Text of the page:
Slappe recently returned from a European tour that included research, the screening of a program he curated, Out of the Great Northwest, at The Horse Hospital (London), and participation in a closed seminar at Chelsea College on the subject of Moving Image Art and the Global Media Spectacle. In years past, Slappe has exhibited and screened internationally in venues such as Portland Institute for Contemporary Art’s TBA Festival, The Sarai Media Lab (New Delhi), Consolidated Works (Seattle), Centre for Contemporary Art (Glasgow), and Artists’ Television Access (San Francisco). His projects have been funded by multiple grants from the Regional Arts and Culture Council of Portland and an Individual Artist Fellowship from the Oregon Arts Commission. Slappe is currently Assistant Professor in Intermedia at Pacific Northwest College of Art where he teaches Video, Sound, and Theory and Practice courses. He is an active curator and organizer of video and film exhibitions including most recently, New Mutants at Worksound Gallery (Portland). Slappe is an amateur film archivist and has presented three programs of archival 16mm films entitled Rolling Deep: Skateboarding Films 1965-1980, Static Age: The Culture of Early Television, and Drugs, Disease, and Disaster. Slappe holds an MFA from the University of South Carolina.

About Pacific Northwest College of Art
Founded in 1909 and located in an award-winning campus in the heart of Portland, Oregon, PNCA is one of a handful of West Coast institutions accredited by the National Association of Schools of Art and Design offering BFA and MFA degrees. Under the guidance of professional, practicing artists, designers, and scholars, students can focus on Contemporary Animated Art, Communication Design, General Fine Arts, Illustration, Intermedia, Painting, Photography, Printmaking, Sculpture, or Video and Sound. A PNCA education is centered on the core values of professional practice, integrated knowledge, critical thinking, effective communication, and social responsibility.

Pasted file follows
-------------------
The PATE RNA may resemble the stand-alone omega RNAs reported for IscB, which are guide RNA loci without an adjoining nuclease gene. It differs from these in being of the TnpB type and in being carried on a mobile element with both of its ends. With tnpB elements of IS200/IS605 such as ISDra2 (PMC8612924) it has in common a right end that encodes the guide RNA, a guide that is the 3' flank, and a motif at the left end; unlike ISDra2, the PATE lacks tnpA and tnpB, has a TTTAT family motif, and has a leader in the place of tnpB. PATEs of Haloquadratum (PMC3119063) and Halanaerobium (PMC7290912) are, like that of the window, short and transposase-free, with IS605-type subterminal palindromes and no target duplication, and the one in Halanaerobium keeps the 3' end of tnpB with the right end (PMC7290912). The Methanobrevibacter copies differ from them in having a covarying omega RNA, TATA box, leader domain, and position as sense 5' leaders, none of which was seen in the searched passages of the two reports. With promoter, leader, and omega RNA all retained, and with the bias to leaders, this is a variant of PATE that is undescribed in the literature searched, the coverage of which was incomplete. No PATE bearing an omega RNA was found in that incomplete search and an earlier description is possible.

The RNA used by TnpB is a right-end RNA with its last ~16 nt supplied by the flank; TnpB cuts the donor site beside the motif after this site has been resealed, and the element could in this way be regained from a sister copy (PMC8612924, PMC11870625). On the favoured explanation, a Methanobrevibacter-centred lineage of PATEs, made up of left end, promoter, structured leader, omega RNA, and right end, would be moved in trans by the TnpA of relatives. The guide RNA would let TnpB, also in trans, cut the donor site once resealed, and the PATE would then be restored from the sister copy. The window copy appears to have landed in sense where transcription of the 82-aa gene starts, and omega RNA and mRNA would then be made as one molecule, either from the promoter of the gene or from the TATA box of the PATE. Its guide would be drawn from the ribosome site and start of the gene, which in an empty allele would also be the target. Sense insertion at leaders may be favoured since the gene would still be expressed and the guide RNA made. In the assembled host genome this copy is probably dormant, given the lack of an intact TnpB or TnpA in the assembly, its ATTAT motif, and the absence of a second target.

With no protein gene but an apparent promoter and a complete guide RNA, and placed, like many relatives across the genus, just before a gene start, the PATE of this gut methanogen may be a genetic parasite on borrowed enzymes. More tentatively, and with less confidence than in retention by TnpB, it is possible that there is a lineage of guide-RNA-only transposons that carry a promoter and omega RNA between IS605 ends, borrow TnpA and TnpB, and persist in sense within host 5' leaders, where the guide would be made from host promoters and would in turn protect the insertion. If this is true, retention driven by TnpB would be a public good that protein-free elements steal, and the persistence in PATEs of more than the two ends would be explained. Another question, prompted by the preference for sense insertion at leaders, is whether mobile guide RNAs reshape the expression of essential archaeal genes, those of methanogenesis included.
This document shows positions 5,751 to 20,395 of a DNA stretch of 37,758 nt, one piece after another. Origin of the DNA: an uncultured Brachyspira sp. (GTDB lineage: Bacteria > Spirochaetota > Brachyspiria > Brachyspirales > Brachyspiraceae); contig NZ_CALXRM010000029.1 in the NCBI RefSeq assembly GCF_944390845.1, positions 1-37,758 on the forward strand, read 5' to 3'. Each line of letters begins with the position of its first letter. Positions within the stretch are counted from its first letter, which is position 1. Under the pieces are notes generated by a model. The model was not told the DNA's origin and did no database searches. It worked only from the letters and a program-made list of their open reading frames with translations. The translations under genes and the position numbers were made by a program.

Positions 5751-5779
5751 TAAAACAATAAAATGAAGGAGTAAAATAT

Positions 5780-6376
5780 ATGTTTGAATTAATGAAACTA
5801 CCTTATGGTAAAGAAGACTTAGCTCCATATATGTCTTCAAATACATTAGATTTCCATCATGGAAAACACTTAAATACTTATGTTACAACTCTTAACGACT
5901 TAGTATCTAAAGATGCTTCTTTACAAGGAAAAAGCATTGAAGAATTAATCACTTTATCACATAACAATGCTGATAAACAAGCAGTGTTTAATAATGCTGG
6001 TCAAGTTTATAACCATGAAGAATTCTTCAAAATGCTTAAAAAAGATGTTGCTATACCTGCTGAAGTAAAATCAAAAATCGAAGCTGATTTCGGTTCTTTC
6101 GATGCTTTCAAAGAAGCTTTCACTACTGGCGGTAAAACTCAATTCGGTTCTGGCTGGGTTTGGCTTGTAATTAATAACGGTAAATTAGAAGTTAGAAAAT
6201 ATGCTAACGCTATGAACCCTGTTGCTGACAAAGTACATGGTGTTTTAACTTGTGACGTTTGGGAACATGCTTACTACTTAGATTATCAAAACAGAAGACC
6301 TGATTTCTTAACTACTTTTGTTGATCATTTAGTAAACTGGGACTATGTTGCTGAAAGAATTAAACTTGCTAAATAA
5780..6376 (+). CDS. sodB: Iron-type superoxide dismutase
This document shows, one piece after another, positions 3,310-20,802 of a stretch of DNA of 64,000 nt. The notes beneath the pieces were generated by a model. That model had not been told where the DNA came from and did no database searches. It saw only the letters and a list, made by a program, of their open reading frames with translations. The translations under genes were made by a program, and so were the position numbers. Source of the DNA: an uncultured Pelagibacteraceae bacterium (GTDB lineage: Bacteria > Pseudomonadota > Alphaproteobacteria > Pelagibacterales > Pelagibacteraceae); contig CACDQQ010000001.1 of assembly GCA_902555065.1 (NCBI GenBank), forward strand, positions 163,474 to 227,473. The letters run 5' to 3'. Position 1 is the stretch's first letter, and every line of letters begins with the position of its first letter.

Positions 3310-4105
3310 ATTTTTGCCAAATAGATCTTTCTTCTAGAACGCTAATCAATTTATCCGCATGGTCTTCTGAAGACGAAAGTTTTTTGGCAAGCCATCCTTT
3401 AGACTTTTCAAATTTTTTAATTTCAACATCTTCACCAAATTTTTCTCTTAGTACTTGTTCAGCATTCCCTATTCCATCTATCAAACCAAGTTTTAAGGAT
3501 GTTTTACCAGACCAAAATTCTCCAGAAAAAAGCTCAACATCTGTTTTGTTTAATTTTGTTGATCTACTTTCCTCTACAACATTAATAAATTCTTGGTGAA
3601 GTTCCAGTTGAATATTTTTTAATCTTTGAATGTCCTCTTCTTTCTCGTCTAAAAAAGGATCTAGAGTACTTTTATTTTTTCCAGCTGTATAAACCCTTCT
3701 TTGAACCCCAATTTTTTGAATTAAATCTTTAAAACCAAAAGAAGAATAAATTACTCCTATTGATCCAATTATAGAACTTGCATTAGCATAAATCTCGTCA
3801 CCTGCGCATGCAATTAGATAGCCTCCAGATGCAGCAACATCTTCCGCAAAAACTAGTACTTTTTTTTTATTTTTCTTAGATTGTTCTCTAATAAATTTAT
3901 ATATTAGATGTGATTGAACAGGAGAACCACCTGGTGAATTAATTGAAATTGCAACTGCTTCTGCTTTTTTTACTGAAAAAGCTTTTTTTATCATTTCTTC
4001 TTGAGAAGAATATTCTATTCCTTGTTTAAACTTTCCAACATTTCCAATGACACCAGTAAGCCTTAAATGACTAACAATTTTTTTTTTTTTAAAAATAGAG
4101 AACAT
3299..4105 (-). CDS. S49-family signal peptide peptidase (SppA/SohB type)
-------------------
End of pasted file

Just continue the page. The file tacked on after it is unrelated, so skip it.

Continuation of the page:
PNCA prepares students for sustained creative achievement in the fine and design arts and throughout their lives to strengthen their ability to interpret the conditions and events shaping the world, and to prepare them to engage that world and its cultures with understanding, enthusiasm and integrity.

PNCA offers five Master’s programs, the joint Master of Fine Arts in Applied Craft and Design with Oregon College of Art and Craft, the Master of Fine Arts in Collaborative Design, the Master of Fine Arts in Visual Studies, the Low-Residency Master of Fine Arts in Visual Studies, and the Master of Arts in Critical Theory and Creative Research. These graduate programs are part of a growing series of innovative programs of the Ford Institute for Visual Education (FIVE). FIVE’s purpose is to establish within PNCA innovative advanced programs, exhibitions, symposia, outreach activities, and top-notch artists in residence. Through FIVE, PNCA is seeking collaborative relationships between students, international artists, and the region’s art, design, and business communities, and to extend the institution’s intellectual resource platform. Additional information is available at